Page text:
I am not an ornithologist but…… you move to Spain with the intention of starting afresh. You have had enough of the rat race. Something has got to give. It is time for a new challenge in a place with a better climate and a more relaxed way of life. And most of you probably don’t regard yourselves as being wildlife buffs.
Then one morning in, say, mid February, you are having a caña outside your favourite bar and you hear a curious noise. A rapid clacking sound slightly reminiscent of those old fashioned rattles that people used to take to football matches in the days when everybody wore a hat. You crane your neck to get a look at the thing responsible for this racket and there on the roof of the ayuntamiento you see a pair of storks. You don’t need to be an expert to identify them as storks, because everybody knows what the bird that brings the babies looks like. You notice the locals smiling benevolently upwards too. And why not; everybody in Spain knows that on the day you see your first stork of the year, if you have money in your pocket, you will have money in your pocket for the rest of the year.
You go back to your beer and think little more of your encounter with this most benevolent of birds. Later on that same evening, you might notice a bat or two flitting noiselessly about in search of insects. And you might think to yourself that it seems early in the year to be seeing bats out and about. But the old Spanish adage has it that, “In February, dogs seek out the shade.” And then you realise that it is a while since you felt the chills of winter and in much of the Iberian Peninsula February marks the beginning of six months of uninterrupted sunshine.
Your encounters may just have piqued your interest. You might start to look to the skies hoping to see something exotic. In most of Spain’s fifty provincial capital cities, you can with a bit of luck and patience, see something that you won’t see back home. With an eight foot wingspan, a griffon vulture is not a bird that is easily missed. But in this case it won’t be the noise that alerts you to its presence. On occasion you might think a large cloud has obscured the sun and when the temperature dips in the momentary shade, you look up from your beer and see one of nature’s giants overhead. If you are not hooked by this time, then may God have mercy on your immortal soul, for you are surely one of those sad, benighted people who have absolutely no interest in the natural world.
Normal people, however, will probably go out and buy some sort of a field guide. They may even start to keep a list. Then the spring migration starts in earnest. Throughout most of Spain black and red kites fill the skies in March and April. Soon you will be telling your ,as yet, uninfected friends how the red kites have a deeply forked tail, while their black cousins have only a shallow indentation in theirs. You may even start talking about the silvery head plumage of the male red kite as being a, “Diagnostic feature.” By this time you are hopelessly hooked.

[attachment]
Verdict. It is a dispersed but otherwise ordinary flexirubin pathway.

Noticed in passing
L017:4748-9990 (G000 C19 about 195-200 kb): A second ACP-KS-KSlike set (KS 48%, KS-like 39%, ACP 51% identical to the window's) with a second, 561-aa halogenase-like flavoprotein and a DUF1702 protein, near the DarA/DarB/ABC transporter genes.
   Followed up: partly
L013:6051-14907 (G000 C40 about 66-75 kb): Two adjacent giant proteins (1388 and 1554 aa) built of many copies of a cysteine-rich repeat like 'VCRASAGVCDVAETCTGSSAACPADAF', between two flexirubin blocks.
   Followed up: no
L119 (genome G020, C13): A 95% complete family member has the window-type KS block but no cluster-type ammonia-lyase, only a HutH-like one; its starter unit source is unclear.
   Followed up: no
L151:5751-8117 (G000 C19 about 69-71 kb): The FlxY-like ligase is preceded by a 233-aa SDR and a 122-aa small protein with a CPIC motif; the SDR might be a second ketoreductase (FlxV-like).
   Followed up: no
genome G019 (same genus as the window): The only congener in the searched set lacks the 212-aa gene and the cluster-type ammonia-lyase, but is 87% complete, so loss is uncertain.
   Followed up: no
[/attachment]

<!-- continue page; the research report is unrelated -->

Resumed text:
Once you have been exposed to a bit of Spanish, you might start referring to all small animals as bichos, if you live in the south of the country, you might well pronounce this word as vishos or, if you have assimilated totally – visho even when they are in the plural. By the time this has happened you will know that those little cigar shaped lumps of grey matter that you find around the house are the droppings of geckoes. You won’t get too worked up about their offerings though, as you will be aware that the little parcels are the remains of flies and mosquitoes and the gecko is a lot more welcome than they are.
By the time midsummer arrives, you will know that the early morning is the best time of day to see lizards; as cold blooded animals would surely overheat if they were left exposed to the unfiltered glare of the summer sun. When you are out for your morning constitutional you will be alive to the skittering noises that mean you have disturbed a lizard. You might even hear the grass hiss as a snake passes by. And you will know that in Spain, as in most places, non-poisonous snakes far outnumber their venomous colleagues.
If you are lucky enough to live in the wild places still inhabited by wolves or bears, you might have an encounter with one of these apex predators. (The truth is that bears are much more omnivorous than carnivorous, but you already know that, don’t you?). You may see a couple of animals that crossed the straits of Gibraltar with the Moors: the genet and the mongoose. I have yet to see a genet, but I live in hope. I have seen a family of mongooses though, making their way Indian file through the scrub of a natural park. And no matter what the dictionary might have to say on the matter, Spanish people call the mongoose el meloncillo. These two furtive hunters were probably brought to Spain for their skill in killing rats and snakes, although there are those who reckon the genet was often kept as a pet.
So there you have it: a few short months ago you would not have been able to tell stork from butter. Now you know that the white stork is common enough: the kudos come when you have seen the rare and elusive black stork. After a while you become blasé about boring, old, bog-standard griffon vultures. You crave the exotic, giant, black vultures, or their scruffy white cousins – the Egyptian vultures. As for the fourth species of vulture in Spain; you know you are a lost cause when you take a trip up to that special place in Huesca, to see the legendary quebrantahuesos: the bone breaker. The lammergeier is famed for being the bird that, according to legend, killed the Greek playwright Aeschylus by dropping a tortoise on his bald pate. The world’s only bone-eating bird, takes the thigh bones of cattle (and the occasional tortoise) up to a great height, before releasing them to shatter on the rocks below, releasing the nutritious marrow on which they feed. But you knew that, didn’t you?